The article was about a new growth industry – property tax consulting. Four major firms were joined in competition for commercial clients seeking lower property taxes. What made it tough on Wayne was that many of the consultants were his former employees. As he lamented, “The assessor’s office is the world’s largest training ground for tax consulting firms.” He believed his office was fair to companies, and if they felt a change was needed, they could come to the county directly. “Some tax consulting firms are charging for a service that the property owner could do himself for free.” 

One of the four firms filing tax appeals was St. Louis-based Property Tax Research. Their KC representative was not one of Wayne’s former employees. It was Ken Hill.

Before following up on that, I’m going to take a break for rock ‘n’ roll, baseball and Derby Day.

Rock ‘n’ Roll: Wayne and I had a shared interest in rock ‘n’ roll music, a genre that kicked off in our high school days. In early 1975, when Wayne left private practice to become the county assessor, he asked that I take over the account of his rock ‘n’ roll client. It was Good Karma Productions, an artist management company and record producer owned by Stan Plesser and Paul Peterson. Their artists included Danny Cox, Brewer and Shipley and the Ozark Mountain Daredevils.

I often found myself in their office at the Good Karma house on Main, seeing interesting people in a creative business. There was some good buzz about the time I started – “Jackie Blue” by the Ozark Mountain Daredevils climbed to #3 on the Billboard chart and #1 on the Cash Box chart. Wayne had turned me over to a cool place.

Cowtown Ballroom ...Sweet Jesus - Home

Stan and Paul had also operated the Cowtown Ballroom from 1971 to 1974. Many national acts played there, and Wayne took credit for one of them. In 1971, he was in Washington DC on business and went to a Georgetown bar where Linda Ronstadt was performing – dressed in what was then her signature outfit, cut-off jean shorts. Wayne thought she was terrific and encouraged Stan to sign her up for Cowtown. Linda was not yet a big name, at least in Kansas City, and Stan’s first attempt was cancelled for lack of ticket sales. But Stan kept an option for when she next came through KC, and she played Cowtown in April of 1972.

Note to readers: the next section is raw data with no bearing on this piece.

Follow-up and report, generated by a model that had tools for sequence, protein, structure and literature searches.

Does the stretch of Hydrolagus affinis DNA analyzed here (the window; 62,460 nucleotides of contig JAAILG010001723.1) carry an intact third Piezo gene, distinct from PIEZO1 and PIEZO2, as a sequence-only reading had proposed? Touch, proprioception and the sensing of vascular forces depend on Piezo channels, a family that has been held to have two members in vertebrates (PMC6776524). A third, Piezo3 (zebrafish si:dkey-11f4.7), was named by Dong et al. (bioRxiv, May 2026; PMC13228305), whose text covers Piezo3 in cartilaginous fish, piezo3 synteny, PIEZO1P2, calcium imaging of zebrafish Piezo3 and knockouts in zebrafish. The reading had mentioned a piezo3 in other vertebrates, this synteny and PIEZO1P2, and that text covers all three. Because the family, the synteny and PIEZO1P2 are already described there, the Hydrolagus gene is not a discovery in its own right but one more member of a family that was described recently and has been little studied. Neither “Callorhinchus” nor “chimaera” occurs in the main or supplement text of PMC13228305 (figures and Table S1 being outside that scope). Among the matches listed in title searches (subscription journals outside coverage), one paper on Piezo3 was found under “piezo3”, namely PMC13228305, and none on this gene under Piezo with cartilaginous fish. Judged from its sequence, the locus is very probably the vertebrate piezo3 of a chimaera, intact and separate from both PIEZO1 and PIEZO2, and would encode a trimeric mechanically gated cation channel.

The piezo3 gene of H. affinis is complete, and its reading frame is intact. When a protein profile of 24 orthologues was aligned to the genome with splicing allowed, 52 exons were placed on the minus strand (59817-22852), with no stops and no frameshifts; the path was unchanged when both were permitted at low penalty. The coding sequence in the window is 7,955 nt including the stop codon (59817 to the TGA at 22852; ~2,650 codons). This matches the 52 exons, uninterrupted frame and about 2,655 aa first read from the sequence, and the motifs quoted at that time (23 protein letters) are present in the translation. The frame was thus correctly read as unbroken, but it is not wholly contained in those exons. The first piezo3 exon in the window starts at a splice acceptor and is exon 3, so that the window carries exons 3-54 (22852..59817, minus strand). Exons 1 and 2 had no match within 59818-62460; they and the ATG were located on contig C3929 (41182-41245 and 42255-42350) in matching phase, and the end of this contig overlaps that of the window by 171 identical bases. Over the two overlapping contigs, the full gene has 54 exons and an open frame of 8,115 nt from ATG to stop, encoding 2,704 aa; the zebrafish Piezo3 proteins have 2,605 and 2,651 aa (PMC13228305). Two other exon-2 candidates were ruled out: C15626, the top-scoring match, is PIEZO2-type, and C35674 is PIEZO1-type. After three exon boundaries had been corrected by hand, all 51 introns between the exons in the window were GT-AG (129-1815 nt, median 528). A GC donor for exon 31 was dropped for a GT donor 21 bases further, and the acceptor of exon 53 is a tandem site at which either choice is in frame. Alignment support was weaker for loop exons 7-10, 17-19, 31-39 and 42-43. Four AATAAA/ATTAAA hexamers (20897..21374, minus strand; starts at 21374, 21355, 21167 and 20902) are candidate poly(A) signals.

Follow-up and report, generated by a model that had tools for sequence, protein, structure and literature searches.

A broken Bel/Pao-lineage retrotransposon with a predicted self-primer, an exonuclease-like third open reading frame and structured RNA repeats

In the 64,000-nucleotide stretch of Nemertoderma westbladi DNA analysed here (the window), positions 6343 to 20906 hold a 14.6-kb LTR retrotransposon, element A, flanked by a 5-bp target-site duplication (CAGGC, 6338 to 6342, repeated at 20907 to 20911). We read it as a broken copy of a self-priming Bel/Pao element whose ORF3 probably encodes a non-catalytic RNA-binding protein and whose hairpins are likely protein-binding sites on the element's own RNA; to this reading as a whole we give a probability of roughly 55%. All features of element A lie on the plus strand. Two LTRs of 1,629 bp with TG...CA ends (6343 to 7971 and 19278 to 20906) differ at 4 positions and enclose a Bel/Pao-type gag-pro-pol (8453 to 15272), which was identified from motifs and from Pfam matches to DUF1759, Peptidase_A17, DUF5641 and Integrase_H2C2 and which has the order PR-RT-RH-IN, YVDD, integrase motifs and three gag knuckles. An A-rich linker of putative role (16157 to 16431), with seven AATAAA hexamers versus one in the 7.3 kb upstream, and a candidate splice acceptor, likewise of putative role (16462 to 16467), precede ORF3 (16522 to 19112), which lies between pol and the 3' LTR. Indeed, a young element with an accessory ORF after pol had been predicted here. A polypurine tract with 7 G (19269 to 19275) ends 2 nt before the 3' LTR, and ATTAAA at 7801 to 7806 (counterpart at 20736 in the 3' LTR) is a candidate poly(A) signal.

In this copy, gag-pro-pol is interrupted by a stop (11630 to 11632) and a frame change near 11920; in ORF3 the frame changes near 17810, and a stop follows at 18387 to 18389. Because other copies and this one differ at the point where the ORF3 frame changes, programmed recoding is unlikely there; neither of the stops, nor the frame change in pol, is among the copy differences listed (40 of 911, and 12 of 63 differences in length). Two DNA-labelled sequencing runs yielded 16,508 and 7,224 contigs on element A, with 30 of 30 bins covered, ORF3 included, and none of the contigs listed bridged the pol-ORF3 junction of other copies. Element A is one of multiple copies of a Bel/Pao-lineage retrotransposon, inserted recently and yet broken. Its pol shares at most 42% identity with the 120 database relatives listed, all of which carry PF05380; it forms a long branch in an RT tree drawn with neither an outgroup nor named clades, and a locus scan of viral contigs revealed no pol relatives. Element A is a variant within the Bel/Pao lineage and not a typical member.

When Stan’s wife Carole and I traded emails after Wayne died, she said Wayne helped out at the Cowtown concerts by counting ticket sales (always the numbers guy). Carole added, “Most likely, he enjoyed doing that so he could get a glimpse of some of the female entertainers, e.g. Linda Ronstadt.”

Wayne was not alone in appreciating Linda.

i'm with the music: Linda Ronstadt

When Linda played Cowtown, her opening act was Good Karma artist Danny Cox who posted this tribute to Wayne on Facebook:

 “Behind all the glamour of rock and roll, there is someone who holds it all together. For Brewer and Shipley, Ted Anderson and Chet Nichols, Ozark Mt. Dares, Cowtown Ballroom and myself, it was a lawyer. A man with a brilliant mind and an incredible sense of humor, Wayne Tenenbaum. Wayne was the rudder for all of us and he saved my ass a couple of times. Wayne passed away peacefully in his sleep. Our hearts and prayers go out to his wife Karen and family. RIP”